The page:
Once you find a product you like that’s producing consistent results, consider purchasing an eighth or a half ounce of flower or a multi-pack of vape cartridges to decrease your unit price.

Here’s another helpful tip: Talk to your budtender about your cannabis budget. If you’re looking to save, your budtender can help you choose products in your price range that still meet your needs and your quality expectations.

Reducing Your Healthcare Costs

When you transition to medical cannabis, you may find yourself spending more out of pocket than you did on Western medical care. But this transition could help you save on conventional treatments, too.

Replacing Costly Drugs with Medical Cannabis

Many medical cannabis patients aspire to replace some pharmaceuticals with medical marijuana. And, while this isn’t the right solution for every drug (or every illness), many patients have found success when using cannabis instead of drugs like:

  • Antidepressants
  • Benzodiazepines and other anti-anxiety medications
  • Anti-nausea drugs
  • Opioids
  • Muscle relaxers

Even if they’re covered by your health insurance policy, these drugs can still be costly, especially if you take more than one of the drugs on this list. In other words, medical cannabis could be used to replace multiple prescriptions in your medicine cabinet, which could help you save in the long run.

It’s important to talk to your healthcare provider before discontinuing any prescription medication. Your doctor can help you make a game plan for weaning off any pharmaceuticals as safely as possible.

Decreasing Overall Visits

Let’s examine a hypothetical scenario:

  • Jim is struggling with mental health challenges. In addition to visiting a primary care physician for yearly checkups, he also visits a psychiatrist to manage prescription medications: an SSRI for depression and a benzodiazepine for anxiety attacks.
  • After making a plan with a cannabis-informed doctor and his psychiatrist, Jim decides to transition away from prescription mental health pharmaceuticals and use medical marijuana to manage and recover from his mental health struggles.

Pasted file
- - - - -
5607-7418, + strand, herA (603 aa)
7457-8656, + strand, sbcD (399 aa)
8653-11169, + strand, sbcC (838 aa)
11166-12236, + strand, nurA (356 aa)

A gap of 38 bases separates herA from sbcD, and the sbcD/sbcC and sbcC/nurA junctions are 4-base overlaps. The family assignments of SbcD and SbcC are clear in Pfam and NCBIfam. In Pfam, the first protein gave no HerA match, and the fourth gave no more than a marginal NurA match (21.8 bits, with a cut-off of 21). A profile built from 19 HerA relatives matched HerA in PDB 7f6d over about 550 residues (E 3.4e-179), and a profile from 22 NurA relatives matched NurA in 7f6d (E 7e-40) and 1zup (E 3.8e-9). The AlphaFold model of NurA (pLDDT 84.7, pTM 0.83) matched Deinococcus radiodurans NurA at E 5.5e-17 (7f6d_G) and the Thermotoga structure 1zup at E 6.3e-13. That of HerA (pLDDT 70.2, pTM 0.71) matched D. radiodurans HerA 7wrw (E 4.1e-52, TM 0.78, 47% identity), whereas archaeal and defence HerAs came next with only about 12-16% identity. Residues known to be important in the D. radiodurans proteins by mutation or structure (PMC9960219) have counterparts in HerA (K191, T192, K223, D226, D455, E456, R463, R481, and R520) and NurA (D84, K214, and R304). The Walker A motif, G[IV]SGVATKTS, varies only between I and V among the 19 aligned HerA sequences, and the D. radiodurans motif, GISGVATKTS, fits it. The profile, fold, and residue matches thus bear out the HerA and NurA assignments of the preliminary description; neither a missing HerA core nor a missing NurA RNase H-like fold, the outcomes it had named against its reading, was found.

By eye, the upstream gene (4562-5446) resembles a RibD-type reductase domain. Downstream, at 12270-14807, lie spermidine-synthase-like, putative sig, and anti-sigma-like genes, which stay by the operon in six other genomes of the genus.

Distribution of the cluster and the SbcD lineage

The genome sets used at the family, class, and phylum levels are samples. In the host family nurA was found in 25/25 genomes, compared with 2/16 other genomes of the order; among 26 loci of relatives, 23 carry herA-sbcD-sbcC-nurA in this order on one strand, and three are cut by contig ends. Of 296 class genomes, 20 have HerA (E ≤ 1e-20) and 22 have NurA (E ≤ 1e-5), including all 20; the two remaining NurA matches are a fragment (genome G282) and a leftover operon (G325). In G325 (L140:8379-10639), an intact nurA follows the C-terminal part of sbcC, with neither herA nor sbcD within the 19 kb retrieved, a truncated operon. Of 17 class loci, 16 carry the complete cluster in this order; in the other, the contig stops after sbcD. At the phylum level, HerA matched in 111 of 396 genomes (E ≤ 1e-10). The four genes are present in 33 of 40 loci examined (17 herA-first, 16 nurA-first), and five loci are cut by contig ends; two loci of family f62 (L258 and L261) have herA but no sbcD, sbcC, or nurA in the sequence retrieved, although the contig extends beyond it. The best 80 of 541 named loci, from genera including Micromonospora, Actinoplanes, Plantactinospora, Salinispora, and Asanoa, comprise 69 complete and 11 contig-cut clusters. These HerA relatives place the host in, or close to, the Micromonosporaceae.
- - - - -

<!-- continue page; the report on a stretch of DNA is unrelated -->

• After successfully weaning off of prescription drugs, Jim stops seeing his psychiatrist and sees his marijuana doctor periodically.

In the hypothetical above, Jim doesn’t just cut down on prescription costs—he also decreases his overall healthcare provider visits.

Since many prescription drugs require frequent refill appointments, patients can potentially decrease their overall appointments and their copays by transitioning to medical cannabis.

Supporting Overall Health and Wellness

Medical cannabis doesn’t just offer a treatment for mental health concerns.

Patients are currently using marijuana to:

  • Improve their sleep
  • Decrease chronic pain
  • Treat acute pain
  • Improve their overall mood
  • Maintain a healthy appetite
  • Increase overall quality of life

All of the applications above support overall wellness—and, generally speaking, it’s cheaper to be healthy. With quality sleep, you won’t find yourself visiting a sleep specialist; with a consistent source of pain relief, you won’t have to refill your opioid prescriptions; and the list goes on.

While medical cannabis may not be a sanctioned healthcare expense in the eyes of insurance companies or the federal government, patients could still decrease their overall healthcare spending by switching to a plant-based alternative.

TeleLeaf: Unlocking Plant-Based Relief for Patients

You can’t use an FSA or HSA to pay for medical cannabis or your medical marijuana card—but that doesn’t mean you have to spend an arm and a leg finding the all-natural, plant-based healing you’re looking for.

Enter TeleLeaf, the best online medical marijuana card service for today’s patients. Not only is our service affordable, but it’s also supported by cannabis-informed providers who want to help you create a personalized healing plan on your terms.

Ready to explore your cannabis treatment options? Make an appointment with our providers now.


Sources: 

University of Pennsylvania. Eligible Expenses for a Health Care Flexible Spending Account.
https://www.hr.upenn.edu/PennHR/benefits-pay/health-life-and-fsa/health/flexible-spending-accounts/health-care-flexible-spending-account/eligible-expenses-for-health-care-flexible-spending-account

The Motley Fool. HSA-Eligible Expenses in 2023 and 2024.
https://www.fool.com/retirement/plans/hsa/eligible-expenses/

Healthcare.gov. Using a Flexible Spending Account (FSA).
https://www.healthcare.gov/have-job-based-coverage/flexible-spending-accounts/

Healthcare.gov. Health Savings Account (HSA).
https://www.healthcare.gov/glossary/health-savings-account-hsa/

US Food and Drug Administration. Hemp Production and the 2018 Farm Bill.
https://www.fda.gov/news-events/congressional-testimony/hemp-production-and-2018-farm-bill-07252019